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Poetry Prose and Other Words

by Ken Ingham

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Book Review

Urban Nature: Poems about Wildlife in the City
Edited by Laure-Anne Bosselaar (with introduction by Emily Hiestand) Milkweed Editions, 2000

Have you ever had the urge, while waiting for a traffic signal, to get out of your car for a better look at a flock of starlings veering and banking in tandem against an early evening pink November sky? If so, you might enjoy this collection of poems. Nature exists even in our cities, and this anthology is for the most part a celebration of that fact. Although many of the poems lament our failure to better accommodate nature in our urban environments, a larger number seem inspired by the natural beauty that can still be found there if we only pause to notice. There are over 150 selections all together, some from new poets, others from known poets, all reflecting upon some aspect of urban nature, from geraniums in the office (they smell like shovels) to a salamander in the video store parking lot.

My approach to this anthology was to slowly peruse the pages, searching not for a whole poem that I immediately love - those are always rare - but for an evocative phrase, an image, sound or metaphor that stirred me enough to beg my return. With apologies for not mentioning any names, let me share a few examples. Here’s an earthmover parked across a vacant field from a sycamore whose bark curls like site maps and blueprints unrolled in a distant room, a million frogs shrieking like background music for the big bang, falling magnolia petals, the smell of road kill or fresh baked bread and beer brewing as the morning swells with promise. The second time through I recognized some places where I’d been before but realized that I had overlooked some good ones such as the horse with the colossal nostrils, squirrels embracing their way up a tree, a national convention of republican cockroaches in the kitchen at night, azaleas confused by the bright lights installed after a burglary. There are poems about seasons: a snow plow shoves aside the early morning quiet, people laughing and shoveling together, butts of mother nature’s joke; spring grass is what the earth sang; summer nights sleeping on the porch, crickets; fallen leaves flat-plastered on a wet sidewalk, bring in the houseplants - nature is most seductive when about to die.

There is a pleasing sparsity of poems about dogs and cats but birds are frequently featured, bad birds, uninvited, that swarm in and unpack right on private property, and good birds - a brave sparrow whose heart is smaller than a heart should be, a cardinal, its throat abounding with information, swans eating out of hands, an egret fishing in the feculent marsh, a thrush, its song a small aggression taken for joy. A whirlwind of chittering chimney swifts funnels down to roost, a pileated woodpecker ratchets around tree trunks, the scream of a redtail hawk strips varnish from the heart. As might be expected pigeons are popular, waddling cheek by jowl among the bag ladies, their low voltage moans, their necks scarved with liquid green rainbows, beaks evolved for gutter cracks and handouts, investigating the wonders of gum. This book is not just about literary cities like NY, SF and LA but also about Chicago, Detroit, Phoenix, St Louis, Duluth and others - how they are and how they used to be. Its about animals and dreams, childhood memories of growing-up places in a time when urban nature was less of an oxymoron, before so much of it had been squeezed out. Its about pollution (even the snowflakes stink), empty lots and potholes (earth breathing through the streets), about escaping to the park, the zoo, the botanical garden, the college campus or the outskirts of town, or merely looking out the window like that couple that made love in the afternoon thirty stories up, then watched a peregrine swoop past their room as if delivering a message from the gods. After several readings I had connected on a personal level with many of the poems, discovered some poets that I want to read more of, and learned that in some ways, nature is even more poignant when projected against a cityscape.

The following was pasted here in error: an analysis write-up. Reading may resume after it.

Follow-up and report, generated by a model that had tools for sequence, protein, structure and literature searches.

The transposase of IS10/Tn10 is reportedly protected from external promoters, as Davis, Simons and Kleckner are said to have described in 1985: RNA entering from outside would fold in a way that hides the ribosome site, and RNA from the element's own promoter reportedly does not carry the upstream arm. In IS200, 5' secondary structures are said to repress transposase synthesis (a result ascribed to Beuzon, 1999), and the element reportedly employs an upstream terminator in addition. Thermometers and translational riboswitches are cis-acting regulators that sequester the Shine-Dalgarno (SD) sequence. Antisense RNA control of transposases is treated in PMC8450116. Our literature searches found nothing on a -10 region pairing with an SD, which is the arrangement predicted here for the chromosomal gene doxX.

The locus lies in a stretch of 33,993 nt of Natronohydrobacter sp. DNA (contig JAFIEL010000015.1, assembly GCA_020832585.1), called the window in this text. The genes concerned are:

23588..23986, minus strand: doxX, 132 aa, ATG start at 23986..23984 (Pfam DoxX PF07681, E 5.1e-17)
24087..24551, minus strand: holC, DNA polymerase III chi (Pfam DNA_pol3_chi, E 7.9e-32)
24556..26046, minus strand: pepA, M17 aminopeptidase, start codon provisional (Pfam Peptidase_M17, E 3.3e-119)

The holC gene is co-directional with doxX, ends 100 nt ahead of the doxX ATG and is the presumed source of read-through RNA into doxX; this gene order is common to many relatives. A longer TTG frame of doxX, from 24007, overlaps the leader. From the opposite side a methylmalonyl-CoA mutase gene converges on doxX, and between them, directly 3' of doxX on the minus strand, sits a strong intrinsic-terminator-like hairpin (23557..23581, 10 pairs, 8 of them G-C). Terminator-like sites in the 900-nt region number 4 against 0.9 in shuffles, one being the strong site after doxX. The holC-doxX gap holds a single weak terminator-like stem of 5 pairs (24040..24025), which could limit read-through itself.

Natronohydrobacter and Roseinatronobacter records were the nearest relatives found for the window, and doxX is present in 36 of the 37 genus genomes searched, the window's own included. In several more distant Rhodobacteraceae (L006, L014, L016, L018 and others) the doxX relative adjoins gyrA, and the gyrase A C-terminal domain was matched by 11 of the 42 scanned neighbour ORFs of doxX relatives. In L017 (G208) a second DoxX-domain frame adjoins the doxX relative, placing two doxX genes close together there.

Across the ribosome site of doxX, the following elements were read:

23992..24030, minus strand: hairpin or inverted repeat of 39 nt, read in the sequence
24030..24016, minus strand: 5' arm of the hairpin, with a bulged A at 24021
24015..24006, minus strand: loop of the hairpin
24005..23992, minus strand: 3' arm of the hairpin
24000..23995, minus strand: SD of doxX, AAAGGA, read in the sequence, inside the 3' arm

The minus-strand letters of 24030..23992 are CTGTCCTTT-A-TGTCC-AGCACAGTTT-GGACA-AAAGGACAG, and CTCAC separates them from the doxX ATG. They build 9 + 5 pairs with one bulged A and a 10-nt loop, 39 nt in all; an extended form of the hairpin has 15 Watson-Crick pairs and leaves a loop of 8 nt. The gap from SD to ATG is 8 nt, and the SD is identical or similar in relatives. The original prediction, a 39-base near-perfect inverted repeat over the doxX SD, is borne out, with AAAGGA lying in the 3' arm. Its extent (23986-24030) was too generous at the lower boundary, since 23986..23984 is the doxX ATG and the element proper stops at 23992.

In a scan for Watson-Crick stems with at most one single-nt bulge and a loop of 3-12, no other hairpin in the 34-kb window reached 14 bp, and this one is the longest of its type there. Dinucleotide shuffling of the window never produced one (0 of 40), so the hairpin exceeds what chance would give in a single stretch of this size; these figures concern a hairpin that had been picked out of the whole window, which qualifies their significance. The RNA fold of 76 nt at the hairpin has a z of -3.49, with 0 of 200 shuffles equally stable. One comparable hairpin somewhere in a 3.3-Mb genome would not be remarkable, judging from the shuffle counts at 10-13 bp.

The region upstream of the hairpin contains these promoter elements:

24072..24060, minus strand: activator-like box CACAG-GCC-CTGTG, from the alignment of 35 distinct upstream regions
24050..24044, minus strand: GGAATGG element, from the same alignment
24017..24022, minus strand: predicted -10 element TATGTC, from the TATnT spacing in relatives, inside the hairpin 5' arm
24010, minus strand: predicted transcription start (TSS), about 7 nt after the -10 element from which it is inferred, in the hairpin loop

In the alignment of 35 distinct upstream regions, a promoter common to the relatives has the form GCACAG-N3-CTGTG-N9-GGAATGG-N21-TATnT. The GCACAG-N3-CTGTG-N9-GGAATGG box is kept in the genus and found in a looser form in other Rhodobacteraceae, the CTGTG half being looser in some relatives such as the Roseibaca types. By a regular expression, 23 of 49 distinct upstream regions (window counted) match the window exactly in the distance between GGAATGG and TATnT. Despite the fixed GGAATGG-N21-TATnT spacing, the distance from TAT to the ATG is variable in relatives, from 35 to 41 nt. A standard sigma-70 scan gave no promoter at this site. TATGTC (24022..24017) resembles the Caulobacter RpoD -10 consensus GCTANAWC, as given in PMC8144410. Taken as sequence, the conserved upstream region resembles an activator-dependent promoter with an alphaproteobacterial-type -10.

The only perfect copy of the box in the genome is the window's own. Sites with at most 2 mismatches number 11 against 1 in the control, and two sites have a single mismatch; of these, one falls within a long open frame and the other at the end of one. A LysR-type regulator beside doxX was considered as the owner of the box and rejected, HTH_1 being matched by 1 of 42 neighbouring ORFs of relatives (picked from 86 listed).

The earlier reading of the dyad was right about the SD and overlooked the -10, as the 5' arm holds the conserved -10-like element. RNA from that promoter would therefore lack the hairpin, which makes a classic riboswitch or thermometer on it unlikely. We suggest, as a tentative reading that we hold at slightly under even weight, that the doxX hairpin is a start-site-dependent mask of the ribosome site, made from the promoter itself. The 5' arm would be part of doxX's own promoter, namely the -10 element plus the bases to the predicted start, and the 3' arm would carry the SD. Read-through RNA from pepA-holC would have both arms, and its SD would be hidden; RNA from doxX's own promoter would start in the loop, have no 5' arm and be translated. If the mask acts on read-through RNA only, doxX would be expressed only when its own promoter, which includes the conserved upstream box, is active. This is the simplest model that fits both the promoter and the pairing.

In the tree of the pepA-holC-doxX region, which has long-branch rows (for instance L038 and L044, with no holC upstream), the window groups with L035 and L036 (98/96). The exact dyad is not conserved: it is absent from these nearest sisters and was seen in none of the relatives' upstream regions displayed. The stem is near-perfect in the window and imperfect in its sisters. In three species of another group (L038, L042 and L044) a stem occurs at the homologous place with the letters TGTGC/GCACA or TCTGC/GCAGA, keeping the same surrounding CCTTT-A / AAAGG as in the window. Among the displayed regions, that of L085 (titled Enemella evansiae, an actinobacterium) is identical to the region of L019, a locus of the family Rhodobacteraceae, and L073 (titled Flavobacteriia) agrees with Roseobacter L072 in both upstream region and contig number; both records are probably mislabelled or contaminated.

Invited review for The Audubon Naturalist in 2000 (Y2K)